P002: Births to teens aged 15-19 per 1,000 females aged 15-19
29.4 per 1,0002016
Story Behind the Curve
Since 2012, the teen birth rate among 15-19 year-olds in New Mexico (NM) has declined by 37.2% to 29.4 per 1,000, but is still among the highest in the nation.
In New Mexico, teen birth rates are highest for American Indians and Hispanics. Teens who drop out of school are more likely to become pregnant and have a child than peers who graduate. Forty-eight percent of teen mothers aged 15-19 live below the poverty level. Some reasons for higher teen parenthood in mixed urban and rural areas include lack of health insurance, increased poverty, transportation barriers, and less access to services.
In the FY14-16 Strategic Plan, the teen birth rate indicator was for 15-17 year-olds. The indicator changed to 15-19 year-olds for the FY17-FY19 strategic plan as there are more 18-19 year-olds using clinical services.
In NM, the teen birth rate among 15-17 year olds declined to 15 per 1,000 in 2016, compared to 16.9 per 1,000 in 2015, a decrease of 11.24%. The teen birth rate in NM for 15-19 year olds declined to 29.4 per 1,000 in 2016, compared to 34.2 per 1,000 in 2015.
The teen birth rate declined due partly to Title X clinical services, increasing awareness of birth control methods, and where to find services and education programs with service learning and positive youth development.
Primary care clinics
Community-based clinical providers
Schools, after-school, and youth programs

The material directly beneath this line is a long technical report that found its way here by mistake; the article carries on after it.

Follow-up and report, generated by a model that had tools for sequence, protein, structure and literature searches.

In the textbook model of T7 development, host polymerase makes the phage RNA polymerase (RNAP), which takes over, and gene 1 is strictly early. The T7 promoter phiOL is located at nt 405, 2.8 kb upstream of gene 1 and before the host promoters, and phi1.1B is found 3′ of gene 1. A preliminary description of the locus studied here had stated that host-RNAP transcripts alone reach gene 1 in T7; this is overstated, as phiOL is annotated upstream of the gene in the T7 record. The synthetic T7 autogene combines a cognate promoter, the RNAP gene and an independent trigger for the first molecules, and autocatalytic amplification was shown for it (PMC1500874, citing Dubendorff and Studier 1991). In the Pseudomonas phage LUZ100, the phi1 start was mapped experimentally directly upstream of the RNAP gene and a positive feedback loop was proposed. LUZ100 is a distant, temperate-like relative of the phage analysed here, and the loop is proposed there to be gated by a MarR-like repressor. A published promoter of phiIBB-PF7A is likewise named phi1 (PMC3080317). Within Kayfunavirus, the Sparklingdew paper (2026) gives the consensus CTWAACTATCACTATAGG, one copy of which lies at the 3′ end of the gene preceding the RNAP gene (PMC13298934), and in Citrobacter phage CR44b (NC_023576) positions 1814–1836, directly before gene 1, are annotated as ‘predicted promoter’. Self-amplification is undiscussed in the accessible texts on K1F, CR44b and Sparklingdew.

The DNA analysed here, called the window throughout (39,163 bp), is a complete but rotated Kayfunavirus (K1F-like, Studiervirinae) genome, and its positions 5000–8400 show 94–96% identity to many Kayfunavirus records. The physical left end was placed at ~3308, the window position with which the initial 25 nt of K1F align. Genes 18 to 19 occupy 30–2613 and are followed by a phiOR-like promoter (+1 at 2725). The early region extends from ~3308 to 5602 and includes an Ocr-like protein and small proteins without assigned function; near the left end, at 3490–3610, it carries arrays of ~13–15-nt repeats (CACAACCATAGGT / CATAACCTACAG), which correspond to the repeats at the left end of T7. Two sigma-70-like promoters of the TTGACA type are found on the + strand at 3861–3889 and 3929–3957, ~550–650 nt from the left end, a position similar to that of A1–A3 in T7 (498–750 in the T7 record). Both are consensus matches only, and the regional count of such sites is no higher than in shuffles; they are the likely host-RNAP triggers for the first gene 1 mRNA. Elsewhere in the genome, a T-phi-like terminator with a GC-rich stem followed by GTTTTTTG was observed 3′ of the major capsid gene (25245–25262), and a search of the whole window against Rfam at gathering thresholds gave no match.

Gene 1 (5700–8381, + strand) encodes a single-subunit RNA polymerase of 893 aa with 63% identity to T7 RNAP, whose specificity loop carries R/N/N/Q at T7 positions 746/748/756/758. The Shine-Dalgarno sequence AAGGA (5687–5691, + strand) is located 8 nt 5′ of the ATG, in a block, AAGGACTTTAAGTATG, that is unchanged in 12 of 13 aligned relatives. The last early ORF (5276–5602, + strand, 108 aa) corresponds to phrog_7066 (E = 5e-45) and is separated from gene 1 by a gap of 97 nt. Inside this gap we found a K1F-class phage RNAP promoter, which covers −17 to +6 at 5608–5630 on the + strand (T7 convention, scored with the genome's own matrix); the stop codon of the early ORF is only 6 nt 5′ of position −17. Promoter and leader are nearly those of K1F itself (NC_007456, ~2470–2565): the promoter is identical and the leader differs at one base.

County health councils
School-based health centers
Centers for higher education
Indian Health Services
NM Public Education Department
NM Human Services Department
Access to confidential, and low- or no-cost family planning services through county public health offices, community clinics, and school-based health centers.
Telemedicine services to increase access to birth control for high risk populations in areas with clinician shortages.
Service-learning, positive youth development, and comprehensive sex education programs.
Adult-teen communication programs to give adults information and skills to communicate effectively with young people about reducing risky sexual behavior.
Through shared-decision making, counseling increases teens’ access to birth control including the most effective contraceptive methods (implants & intrauterine devices [IUDs]).
Incorporate service-learning programs consisting of community-based volunteer services and guided curriculum education.
Promote BrdsNBz, a text-messaging system that offers teens free, confidential answers to sexual health questions in English or Spanish.
Increase awareness from ads on social media with information on birth control and clinic
FY17 Annual Progress Summary
The New Mexico Family Planning Program (NM FPP) increased outreach activities and the provision of educational materials and promotional items at health fairs and community events to increase awareness of services through the clinic locator on the website.
NM FPP collaborated with public health offices, school based health centers, and community clinics to provide access to clinical family planning services. NM FPP contracts with schools and community organizations to provide youth development programming.
NM FPP continued working with clinics statewide in educational programs, such as social media campaigns, that can increase knowledge about birth control and where to find services.